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Originally published January 24, 2012 at 3:41 PM | Page modified January 27, 2012 at 9:54 PM

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Homework, skepticism needed with eco-labels

It may take some homework to identify truly "green" products.

Special to The Seattle Times

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We can't buy green products alone. How are we supposed to know if that TV or jar of pickles is environmentally preferable to other TVs or pickles? We need help.

Environmental logos and symbols on product labels can provide valuable guidance, but the recent proliferation of green logos has generated considerable consumer confusion.

Dozens of green-logo programs vie for our attention, along with unofficial green symbols that have sprouted up like weeds. A single product label today might carry three or four environmental symbols and logos.

Q: Why isn't there one central eco-labeling system, run by the government or an impartial nonprofit group, covering most products?

A: A comprehensive program like that would be extremely expensive and complicated to operate. The most successful eco-labeling programs focus on specific product categories such as appliances or wood products, or primarily serve selected purchasers such as businesses and institutions. Even those targeted programs face significant challenges, especially in getting interested parties to agree on standards for the environmental certifications.

Q: Instead of having a bunch of voluntary labeling programs, wouldn't it be easier for consumers if governments just mandated that products meet certain environmental standards?

A: It might be, and governments do regulate environmental standards in some cases. However, developing and enforcing equitable regulations is also exceedingly difficult. The U.S. Environmental Protection Agency and other government agencies have expanded voluntary labeling programs recently, partly as a response to the business community's opposition to increased regulation.

Q: Which green logos or symbols on product labels are the least useful?

A: Be skeptical of any green symbol not connected with a legitimate certification program. For example, the familiar recycling symbol showing three chasing arrows now appears on thousands of product labels, but is sometimes misleading. That symbol may just mean the package or product is technically recyclable, which is true for nearly everything. The recycling symbol on a label provides no assurance that local recycling programs accept that material.

A product label may also feature an arty little made-up symbol with words like "Non-Toxic" or "Eco-Safe." Those symbols have no informational value because no agreement exists on definitions for those terms.

Q: How do I know which eco-labels I can trust?

A: The federal government operates several reliable green labeling programs, including:

• Energy Star, primarily for energy-efficient appliances and electronics (energystar.gov).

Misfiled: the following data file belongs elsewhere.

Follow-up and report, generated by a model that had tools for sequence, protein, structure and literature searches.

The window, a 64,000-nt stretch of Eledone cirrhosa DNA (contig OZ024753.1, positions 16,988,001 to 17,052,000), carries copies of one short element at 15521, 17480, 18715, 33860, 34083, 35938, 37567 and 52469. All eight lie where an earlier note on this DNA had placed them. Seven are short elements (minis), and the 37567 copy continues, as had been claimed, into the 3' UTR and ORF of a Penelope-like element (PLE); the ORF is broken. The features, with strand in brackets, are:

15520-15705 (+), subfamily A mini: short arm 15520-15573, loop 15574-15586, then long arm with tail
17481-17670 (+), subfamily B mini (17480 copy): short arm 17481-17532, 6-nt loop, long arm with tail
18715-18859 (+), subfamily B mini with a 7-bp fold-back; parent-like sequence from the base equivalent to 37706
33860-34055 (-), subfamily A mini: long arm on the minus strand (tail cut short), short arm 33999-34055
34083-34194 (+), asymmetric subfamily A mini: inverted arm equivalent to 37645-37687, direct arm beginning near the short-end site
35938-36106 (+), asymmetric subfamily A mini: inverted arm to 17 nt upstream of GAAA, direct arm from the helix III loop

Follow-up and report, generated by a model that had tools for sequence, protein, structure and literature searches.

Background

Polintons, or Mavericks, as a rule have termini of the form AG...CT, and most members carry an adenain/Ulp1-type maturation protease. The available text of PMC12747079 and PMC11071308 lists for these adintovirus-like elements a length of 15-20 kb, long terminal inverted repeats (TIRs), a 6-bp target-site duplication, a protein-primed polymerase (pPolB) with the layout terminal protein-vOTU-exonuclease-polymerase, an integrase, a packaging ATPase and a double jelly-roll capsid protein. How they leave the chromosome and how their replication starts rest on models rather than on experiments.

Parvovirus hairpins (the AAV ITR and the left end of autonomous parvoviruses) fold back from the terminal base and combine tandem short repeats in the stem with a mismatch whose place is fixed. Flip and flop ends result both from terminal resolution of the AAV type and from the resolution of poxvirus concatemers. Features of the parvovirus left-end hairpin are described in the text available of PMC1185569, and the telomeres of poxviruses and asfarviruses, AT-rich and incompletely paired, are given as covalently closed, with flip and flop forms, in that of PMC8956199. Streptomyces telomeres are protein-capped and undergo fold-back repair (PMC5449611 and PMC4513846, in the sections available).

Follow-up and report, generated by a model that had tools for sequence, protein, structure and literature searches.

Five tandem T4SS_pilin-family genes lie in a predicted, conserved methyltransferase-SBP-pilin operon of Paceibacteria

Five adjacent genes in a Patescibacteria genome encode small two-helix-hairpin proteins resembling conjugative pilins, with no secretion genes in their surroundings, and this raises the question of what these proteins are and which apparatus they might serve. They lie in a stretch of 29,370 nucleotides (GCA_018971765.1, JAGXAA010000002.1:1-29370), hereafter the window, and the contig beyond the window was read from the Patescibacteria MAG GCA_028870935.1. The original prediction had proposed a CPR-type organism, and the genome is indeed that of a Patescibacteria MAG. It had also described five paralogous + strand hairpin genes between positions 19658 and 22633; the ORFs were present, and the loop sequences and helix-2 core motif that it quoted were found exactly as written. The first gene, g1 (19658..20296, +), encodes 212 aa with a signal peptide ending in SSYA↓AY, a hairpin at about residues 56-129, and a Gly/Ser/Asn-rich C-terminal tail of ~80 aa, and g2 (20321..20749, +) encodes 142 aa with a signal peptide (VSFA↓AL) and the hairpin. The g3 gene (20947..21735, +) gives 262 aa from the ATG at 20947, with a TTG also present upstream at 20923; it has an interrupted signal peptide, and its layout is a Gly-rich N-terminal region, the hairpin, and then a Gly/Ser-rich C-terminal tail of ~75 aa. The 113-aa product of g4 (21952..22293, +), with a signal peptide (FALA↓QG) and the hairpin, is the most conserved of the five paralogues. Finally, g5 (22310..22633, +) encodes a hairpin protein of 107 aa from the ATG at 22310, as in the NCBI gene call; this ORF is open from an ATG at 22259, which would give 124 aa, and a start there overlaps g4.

• WaterSense, for water-saving products such as certain faucets and toilets (epa.gov/watersense).

• Design for the Environment, for safer cleaning products (epa.gov/dfe).

• USDA (U.S. Department of Agriculture) Organic, for food grown without pesticides or petroleum-based fertilizers (seati.ms/xesyB9).

Well-regarded eco-labels managed by nonprofit organizations include FSC (Forest Stewardship Council) for wood products (fsc.org), Marine Stewardship Council for seafood (msc.org) and Green Seal for household cleaners, paints and more (greenseal.org).

That just scratches the surface. Many other green labeling programs may also prove helpful. If you see an unfamiliar logo, go online to research it. Even the most well-known green labeling programs have detractors and competitors, so you may want to get several opinions before deciding which programs to follow.

Q: This sounds like a lot of work. Are eco-labeling programs really that worthwhile?

A: Here's an example of how green labeling helps consumers: The nonprofit Northwest Energy Efficiency Alliance launched the Energy Forward label for TVs in 2009, identifying the best, most energy-efficient TVs among the large number of Energy Star certified televisions (energyefficientelectronics.org).

Inspired by that regional effort, Energy Star started its own national "Most Efficient" labeling pilot project in 2011 for TVs and other products (seati.ms/zWinLX). If you buy a superefficient television labeled through either program, you could save more than $200 in energy costs over the life of the TV.

While far from perfect, green labeling illustrates the growth and maturity of the environmental movement. Next time you shop, give that eco-logo another glance.

Tom Watson is project manager for King County's Recycling and Environmental Services. Reach him at tom.watson@kingcounty.gov, 206-296-4481 or www.KCecoconsumer.com.

On Twitter @ecoconsumer


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